I explored Sedona as Cara Marie and Daniel tended to their clients. Both had given me recommendations for wonderful places to try in town. I spent a couple hours writing at the Chocolatree, a café and shop surrounded by a food forest the owners and employees have planted over the years. At this cool, tree-shaded oasis in the middle of summertime Sedona, I went nuts over the unusual menu, ordering elixir teas, porridge made of chia seeds, goji berries, and coconut cream, and maple-sweetened butter coffee.
I awoke again garbled and confused. The Subway wrapper lay in a crumpled heap by the bed, but three of the desert-themed beers remained in the fridge. I felt happy about that, and resolved to leave them for the kind housekeeper if she wanted them. Blech.
After finishing my tea, I entered the cavernous maw of the windowless, fluorescent-lit handicapped bathroom to take a shower. The sprayer was at chest height, just in front of a wide bench. As I turned on the water, the showerhead clattered to the floor, and it hurt my back again to pick it up. I grimly noted the irony of feeling superior to the dank, extra-large bathroom as an able-bodied person while simultaneously considering the idea of using the bench while I shaved my legs to keep my hip from hurting. I ignored the idea and soldiered on.
As I realized I was feeling a bit depressed and just as exhausted as the day before,
I woke up sometime in the late morning, hit the on button on my vintage turquoise Sunbeam coffeemaker (yes, it made the #miniworthy cut! I mean, c'mon!), and caught sight of myself in the mirror on my way back to bed.
Holy shit. As my dad used to say when my sister and I were sick, "You look like you got rode hard and put away wet." And Sweet Jesus, I did. Puffiness overwhelmed my normally bright eyes and the overwhelming sense was of haggardness. Old. Washed up. Seen better days. Let herself go.
My cut-up t-shirt with a picture of Jesus and the words "I never said that." looked decidedly less jaunty suddenly. My belly poked out from underneath.
It was 6pm. Godammit, I'd meant to leave at noon.
I'd been ridding myself of possessions in earnest for the last week in preparation for my driving move to Maine. I flashed to a recurring nightmare I have on occasion in which I'm very late for a flight and I'm trying to go up the down escalator. The new renter was on his way, and I was still fucking HERE in this California Central Coast basement apartment that was as lovely and magical as it was decrepit and somehow pitiful as I dismantled the magic that had made it a joy.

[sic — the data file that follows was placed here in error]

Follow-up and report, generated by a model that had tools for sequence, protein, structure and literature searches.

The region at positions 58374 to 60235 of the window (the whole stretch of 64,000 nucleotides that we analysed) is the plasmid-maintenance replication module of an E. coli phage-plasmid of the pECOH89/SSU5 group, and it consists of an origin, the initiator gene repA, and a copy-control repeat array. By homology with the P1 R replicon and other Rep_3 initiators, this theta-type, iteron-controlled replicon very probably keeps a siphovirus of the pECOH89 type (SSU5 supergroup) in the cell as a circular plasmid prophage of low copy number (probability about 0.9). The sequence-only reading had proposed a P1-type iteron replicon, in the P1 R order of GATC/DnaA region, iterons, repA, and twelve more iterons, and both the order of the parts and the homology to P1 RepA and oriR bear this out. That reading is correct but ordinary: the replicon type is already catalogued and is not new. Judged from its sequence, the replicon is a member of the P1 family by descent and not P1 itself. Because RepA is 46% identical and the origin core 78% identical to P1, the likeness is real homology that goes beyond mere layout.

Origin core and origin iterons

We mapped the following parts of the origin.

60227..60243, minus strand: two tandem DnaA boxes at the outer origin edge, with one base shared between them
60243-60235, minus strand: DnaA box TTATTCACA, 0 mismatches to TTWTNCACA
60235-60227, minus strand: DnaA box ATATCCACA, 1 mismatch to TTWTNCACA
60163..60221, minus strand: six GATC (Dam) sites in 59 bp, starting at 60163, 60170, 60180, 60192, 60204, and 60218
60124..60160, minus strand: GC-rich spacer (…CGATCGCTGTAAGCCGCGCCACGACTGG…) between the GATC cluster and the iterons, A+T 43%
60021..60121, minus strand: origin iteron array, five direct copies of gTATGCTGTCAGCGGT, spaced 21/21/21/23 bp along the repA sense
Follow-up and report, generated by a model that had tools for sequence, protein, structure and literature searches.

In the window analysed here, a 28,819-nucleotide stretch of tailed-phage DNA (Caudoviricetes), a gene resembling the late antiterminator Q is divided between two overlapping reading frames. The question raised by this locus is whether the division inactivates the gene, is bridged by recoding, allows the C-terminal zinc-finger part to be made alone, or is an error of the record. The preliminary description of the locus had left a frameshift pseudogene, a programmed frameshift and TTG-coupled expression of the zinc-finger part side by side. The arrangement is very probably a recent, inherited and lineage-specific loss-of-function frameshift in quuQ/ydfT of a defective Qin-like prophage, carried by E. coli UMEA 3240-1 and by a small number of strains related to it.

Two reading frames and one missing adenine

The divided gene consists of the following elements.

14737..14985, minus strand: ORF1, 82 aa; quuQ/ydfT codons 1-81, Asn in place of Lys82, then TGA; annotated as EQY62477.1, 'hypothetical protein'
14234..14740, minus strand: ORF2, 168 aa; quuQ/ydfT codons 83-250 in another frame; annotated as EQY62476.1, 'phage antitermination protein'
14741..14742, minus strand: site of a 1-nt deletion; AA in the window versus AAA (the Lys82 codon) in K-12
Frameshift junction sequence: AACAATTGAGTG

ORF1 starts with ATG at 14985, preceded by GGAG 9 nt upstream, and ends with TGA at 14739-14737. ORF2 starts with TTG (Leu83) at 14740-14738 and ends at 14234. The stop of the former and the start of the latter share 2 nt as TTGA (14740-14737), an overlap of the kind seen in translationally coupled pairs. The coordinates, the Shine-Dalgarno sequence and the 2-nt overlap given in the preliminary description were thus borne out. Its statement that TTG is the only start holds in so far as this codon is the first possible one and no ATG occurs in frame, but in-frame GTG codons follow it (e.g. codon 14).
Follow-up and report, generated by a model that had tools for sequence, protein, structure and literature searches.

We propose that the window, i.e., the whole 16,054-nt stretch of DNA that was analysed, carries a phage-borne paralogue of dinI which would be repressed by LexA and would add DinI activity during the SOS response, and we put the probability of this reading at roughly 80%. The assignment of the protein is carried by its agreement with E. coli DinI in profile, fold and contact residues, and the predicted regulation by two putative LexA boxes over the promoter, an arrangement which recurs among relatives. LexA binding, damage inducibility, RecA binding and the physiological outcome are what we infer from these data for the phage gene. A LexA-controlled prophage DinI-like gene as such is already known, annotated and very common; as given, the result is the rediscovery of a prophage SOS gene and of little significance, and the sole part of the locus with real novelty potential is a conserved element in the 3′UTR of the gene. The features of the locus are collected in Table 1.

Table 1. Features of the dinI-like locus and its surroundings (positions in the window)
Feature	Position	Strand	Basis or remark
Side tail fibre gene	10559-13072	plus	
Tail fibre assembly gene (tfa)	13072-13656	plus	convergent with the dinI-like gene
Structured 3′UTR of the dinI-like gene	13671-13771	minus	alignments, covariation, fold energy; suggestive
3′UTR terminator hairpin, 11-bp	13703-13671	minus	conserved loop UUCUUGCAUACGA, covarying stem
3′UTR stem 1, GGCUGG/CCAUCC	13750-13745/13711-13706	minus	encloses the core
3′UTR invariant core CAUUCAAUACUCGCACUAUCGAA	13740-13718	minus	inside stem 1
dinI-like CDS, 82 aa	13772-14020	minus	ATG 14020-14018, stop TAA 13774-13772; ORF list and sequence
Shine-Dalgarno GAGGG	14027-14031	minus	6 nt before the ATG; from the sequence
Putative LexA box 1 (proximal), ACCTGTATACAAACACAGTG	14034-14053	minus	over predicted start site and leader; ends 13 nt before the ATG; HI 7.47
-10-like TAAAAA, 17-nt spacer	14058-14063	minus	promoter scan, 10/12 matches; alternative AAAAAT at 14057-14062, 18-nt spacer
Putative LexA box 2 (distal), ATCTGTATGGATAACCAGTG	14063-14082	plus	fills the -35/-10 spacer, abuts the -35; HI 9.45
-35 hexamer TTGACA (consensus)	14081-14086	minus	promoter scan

I looked down at piles of everything that still remained after a huge going-away party I'd staged for myself, putting things out free on the street, and many, many Mini-loads to Goodwill. What I was looking at was everything I wanted to take, everything I thought was important. Thirty years of life in California distilled to a few sizeable piles on the floor.
Tales of an Aspiring Human, Vol. 1, Episode 2
While talking with an Inner Voice Amplification client this week, I found myself referring to Elaine Benes of Seinfeld fame. Remember her? OMG, I used to love when she would shove Jerry or Kramer or George really hard in the chest and yell, "Get OUT!" or "Shut UP!" Reasons for her outbursts ranged from surprise to anger to outrage, but the effect was always the same--recipients of the shove would stumble, fall, or otherwise get knocked off their feet.
So this client, who is making remarkable progress toward becoming herself in the world, was having real trouble with a nasty avalanche of negative thoughts like, "Who do you think you are? There are soooo many talented people doing what you do. You'll never make it! Why even try?" You know, those thoughts that hammer you when you're getting close to accomplishing something big. (Haven't tried to do something big yet? Click here!)
That's when I thought of Elaine and her shoves. I pictured this powerful young woman whom I have the honor of coaching giving that shove to the self-doubting thoughts bedeviling her and trying to slow her down. We both laughed, but she said, "Yeah! That feels really good!" I could tell the idea was going to help.
Very often these doubts and self-scourging thoughts come up as we're about to break out of a deep groove in the LP of our lives that has been spinning since our birthdays.
I often joke about how our habitual thoughts and beliefs from our parents and early years are like the classic Led Zeppelin song "Stairway to Heaven." We listen to it for years and the needle makes that groove deeper and deeper until it's really hard to write the song of your own life. You have to pop out of that groove to start something new, but often find yourself mindlessly humming, "There's a lady who's sure all that glitters is gold...." Aaaaahhhh! Damn it! And there we are again. This is where the discipline of Human Being Training (or any good self-mastery process) comes in. We start over, and over, and over, until we begin to create a new groove for our own unique song.
So the next time your head starts saying shitty things to you (it's your untrained ego, btw), remember Elaine and give those obnoxious thoughts a big mental shove out the door. Remember, you're in charge of how you think and feel. For more info on how to take control of your life experience, you can download my free, quick, and fun e-book, 7 Ways to Live for Real: A Short Guide to the Art of Human Being, when you sign up for my monthly-ish newsletter here.
If you love my work and want to show your support, please join us over on the HBT Patreon page! I have a ton of stuff I post there, including guided meditations, videos, and podcasts. Thanks for reading, you wonderful human.
I'm sick. I have a cold. And it's just the perfect thing right now.